2nd August 2020
Organ Mass 11.30am, Immaculate Heart of Mary, Balornock
Introit-Prelude and Fugue in E Minor BWV 555, J.S.Bach
Offertory- Organ Concerto No.2 in G Major, Movement 2 BWV 592, J.S.Bach
Communion- Organ Concerto D Minor Mov 2 Largo e Spiccato BWV 596, J.S.Bach (Vivaldi)
Communion of the Faithful- Conzona in D Minor BWV 588, J.S.Bach
As we return to public Mass and we labour under continued restrictions, music directors are trying to figure out what is possible when it comes to liturgical music. Here are a few possibilities.
- A Sung Mass with one Cantor. In Scotland, the guidance from the bishops allows for a cantor to be used ‘at a distance.’ I am not a scientist but as a singer, I know that for possibly centuries, we have been using a breath control exercise which involves singing without extinguishing a candle at mouth level. If the candle does not go out, I wonder how much singing really propels droplets. Anyway, due to the inability to have servers and therefore incense etc, a Low Mass with the ordinary and propers sung by one cantor/organist is possible. The congregation are not allowed to sing and should not join in with the ordinary of the Mass- under the guidelines.
- An Organ Mass. This is not the alternatim practice of baroque France but rather an instrumental version of what would have been the most common practice in preconcilliar Scotland, a Low Mass with Hymns. Where once hymns would have been sung, up to the Introit, during the Offertory, Communion and at the end of Mass, organ music is played (Fortescue, pg 177). This is a long standing tradition in Catholic music which the French call it a ‘Messe Basse’ and there are pieces of music written for the purpose. I have even read that the French symphonic repertoire, with its four movements or parts in each opus were written to fit the Procession, Offertory, Communion and Sortie of the Mass. Organ music can also be played between the elevation and the Pater Noster and adapting music written for an alternatim Mass such as Couperin’s Messe pour les couvents can be effective as can the elevation toccatas of Italian composers like Frescobaldi and Zipoli. An accomplished organist may also improvise these pieces of music as is done every Sunday at the weekly Organ Mass at St Jame’s, Spanish Place, London. It should be pointed out that while my default is the Traditional Latin Mass, it is possible to achieve a similar effect in the Novus Ordo although with some alterations because all of the prayers except the offertory, if you are lucky, are read aloud. The ‘Introit’ piece/improvisation would have to end when the priest reaches the altar and the offertory would not be as long but communion and ‘sortie’ music should work without issue.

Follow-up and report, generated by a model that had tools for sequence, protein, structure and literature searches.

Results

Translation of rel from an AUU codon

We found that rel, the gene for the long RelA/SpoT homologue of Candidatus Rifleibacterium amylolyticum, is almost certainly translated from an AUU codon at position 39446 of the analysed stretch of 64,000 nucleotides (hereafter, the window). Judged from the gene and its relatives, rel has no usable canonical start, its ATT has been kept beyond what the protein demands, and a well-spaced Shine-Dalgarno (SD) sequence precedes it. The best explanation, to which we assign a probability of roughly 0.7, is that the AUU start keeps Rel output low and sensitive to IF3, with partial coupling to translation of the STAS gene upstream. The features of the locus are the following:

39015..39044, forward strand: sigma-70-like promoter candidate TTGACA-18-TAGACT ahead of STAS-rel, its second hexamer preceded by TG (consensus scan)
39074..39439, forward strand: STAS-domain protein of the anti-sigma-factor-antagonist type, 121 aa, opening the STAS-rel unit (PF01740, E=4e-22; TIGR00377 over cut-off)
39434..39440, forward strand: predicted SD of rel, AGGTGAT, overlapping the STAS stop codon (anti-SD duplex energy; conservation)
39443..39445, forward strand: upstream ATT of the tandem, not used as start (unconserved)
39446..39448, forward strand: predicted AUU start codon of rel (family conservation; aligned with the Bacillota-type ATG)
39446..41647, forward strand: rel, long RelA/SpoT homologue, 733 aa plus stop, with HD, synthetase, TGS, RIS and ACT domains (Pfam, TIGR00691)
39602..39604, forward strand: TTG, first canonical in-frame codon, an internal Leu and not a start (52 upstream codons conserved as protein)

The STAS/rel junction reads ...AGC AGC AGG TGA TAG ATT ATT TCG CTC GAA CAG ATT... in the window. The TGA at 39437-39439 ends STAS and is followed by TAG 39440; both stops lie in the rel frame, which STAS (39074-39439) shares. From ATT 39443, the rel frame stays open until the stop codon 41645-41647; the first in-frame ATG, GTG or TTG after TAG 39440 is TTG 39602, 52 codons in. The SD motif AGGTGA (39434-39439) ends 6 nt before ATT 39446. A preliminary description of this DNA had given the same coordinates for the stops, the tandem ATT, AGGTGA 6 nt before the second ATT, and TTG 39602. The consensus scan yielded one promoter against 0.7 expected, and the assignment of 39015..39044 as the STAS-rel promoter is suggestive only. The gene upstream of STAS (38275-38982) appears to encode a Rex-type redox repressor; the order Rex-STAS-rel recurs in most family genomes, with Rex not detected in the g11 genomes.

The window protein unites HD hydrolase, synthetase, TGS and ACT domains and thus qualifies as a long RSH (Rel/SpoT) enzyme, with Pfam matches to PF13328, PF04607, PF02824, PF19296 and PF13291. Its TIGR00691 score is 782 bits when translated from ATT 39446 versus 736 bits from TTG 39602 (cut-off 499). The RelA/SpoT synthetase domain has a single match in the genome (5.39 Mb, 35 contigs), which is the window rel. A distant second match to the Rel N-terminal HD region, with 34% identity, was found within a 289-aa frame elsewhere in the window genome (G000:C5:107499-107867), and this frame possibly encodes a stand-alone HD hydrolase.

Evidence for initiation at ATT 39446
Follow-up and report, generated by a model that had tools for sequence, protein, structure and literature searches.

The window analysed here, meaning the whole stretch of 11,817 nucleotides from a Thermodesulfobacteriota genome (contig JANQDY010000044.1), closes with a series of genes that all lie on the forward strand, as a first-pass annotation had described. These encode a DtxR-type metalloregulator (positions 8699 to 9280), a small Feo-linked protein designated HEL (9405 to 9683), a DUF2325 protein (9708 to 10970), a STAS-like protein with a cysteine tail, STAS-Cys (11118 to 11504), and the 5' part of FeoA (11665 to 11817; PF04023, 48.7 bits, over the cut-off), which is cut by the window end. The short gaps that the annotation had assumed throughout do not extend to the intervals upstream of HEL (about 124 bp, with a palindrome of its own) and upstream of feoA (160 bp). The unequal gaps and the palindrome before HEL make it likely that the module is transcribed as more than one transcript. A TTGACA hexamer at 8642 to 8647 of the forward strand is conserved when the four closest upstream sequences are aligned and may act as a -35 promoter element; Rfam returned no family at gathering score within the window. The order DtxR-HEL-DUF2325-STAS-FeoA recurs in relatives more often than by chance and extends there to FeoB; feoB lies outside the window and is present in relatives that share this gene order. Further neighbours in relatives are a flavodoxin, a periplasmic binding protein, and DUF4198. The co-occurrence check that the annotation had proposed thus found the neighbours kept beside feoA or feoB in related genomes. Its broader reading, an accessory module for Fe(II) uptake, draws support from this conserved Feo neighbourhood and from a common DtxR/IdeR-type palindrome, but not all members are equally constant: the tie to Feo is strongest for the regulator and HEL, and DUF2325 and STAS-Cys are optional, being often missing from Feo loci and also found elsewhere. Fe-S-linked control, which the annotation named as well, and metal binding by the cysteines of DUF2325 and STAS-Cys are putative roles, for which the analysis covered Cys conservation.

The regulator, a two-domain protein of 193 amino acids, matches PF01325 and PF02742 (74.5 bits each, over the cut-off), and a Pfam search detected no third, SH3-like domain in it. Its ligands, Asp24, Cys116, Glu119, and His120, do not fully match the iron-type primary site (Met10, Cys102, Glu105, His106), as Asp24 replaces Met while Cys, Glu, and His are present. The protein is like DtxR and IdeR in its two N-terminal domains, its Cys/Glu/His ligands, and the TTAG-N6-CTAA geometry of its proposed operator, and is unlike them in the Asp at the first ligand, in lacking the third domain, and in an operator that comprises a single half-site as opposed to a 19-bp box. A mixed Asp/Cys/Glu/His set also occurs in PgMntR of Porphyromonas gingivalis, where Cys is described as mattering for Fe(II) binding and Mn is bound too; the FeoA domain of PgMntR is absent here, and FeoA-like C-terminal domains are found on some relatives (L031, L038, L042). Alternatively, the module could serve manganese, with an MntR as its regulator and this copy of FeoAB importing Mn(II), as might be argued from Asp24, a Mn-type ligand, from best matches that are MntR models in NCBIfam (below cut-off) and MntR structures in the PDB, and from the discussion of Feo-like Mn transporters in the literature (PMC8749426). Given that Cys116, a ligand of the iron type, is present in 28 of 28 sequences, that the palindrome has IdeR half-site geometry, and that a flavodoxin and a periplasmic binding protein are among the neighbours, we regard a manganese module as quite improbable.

Some may ask, why bother, why not just have a Low Mass. Well, the Church has been the primary patron of the arts for most of Her history. Why? Because God is worth the maximum beauty that we can offer and because sacred music lifts the heart and mind to God- the chant most fully as is clothes the sacred silence and provides an exposition of the text in sound, and other music after that. Sunday is different. We can steep ourselves in the silence of the Low Mass during the week but Sunday is the Lord’s day and deserves the most solemnity that we can achieve.
So, there are my thoughts on Sacred Music in Lockdown Liturgy.
I will be playing an Organ Mass tomorrow, with the following music.
Introit- (Up to the Introit)- ‘Duo’, Suite du Premier Ton, Louis Nicolas Clérambault
Offertory- ‘Récit de Nazard’ Suite du Deuxieme Ton, Louis Nicolas Clérambault
Communion- ‘Récits de Cromorne et de Cornet séparé en Dialogue’, Suite du Premier Ton, Louis Nicolas Clérambault
Sortie- ‘Grand plein jeu’, Suite du Premier Ton, Louis Nicolas Clérambault
Clérambault was organist of the Church of St Sulpice, Paris. He died in 1749.
A great prayer exercise for those involved in sacred music is to meditate on the texts of the propers (the changing prayers of the Mass) using the chant.
The western chant repertoire of the Church is an amalgamation of chants belonging to the different western rites, the final corpus being delineated by Pope Gregory the Great in the late 9th Century- giving it the nickname ‘Gregorian Chant.’ It would be a mistake to think that this is the beginning of the chant repertoire- the same mistake as thinking that the Tridentine Mass originates from the Council of Trent which simply codified and standardised the Latin Rite which can be traced back to the Apostles. Continue reading “Exaudi Domine, V Sunday after Pentecost”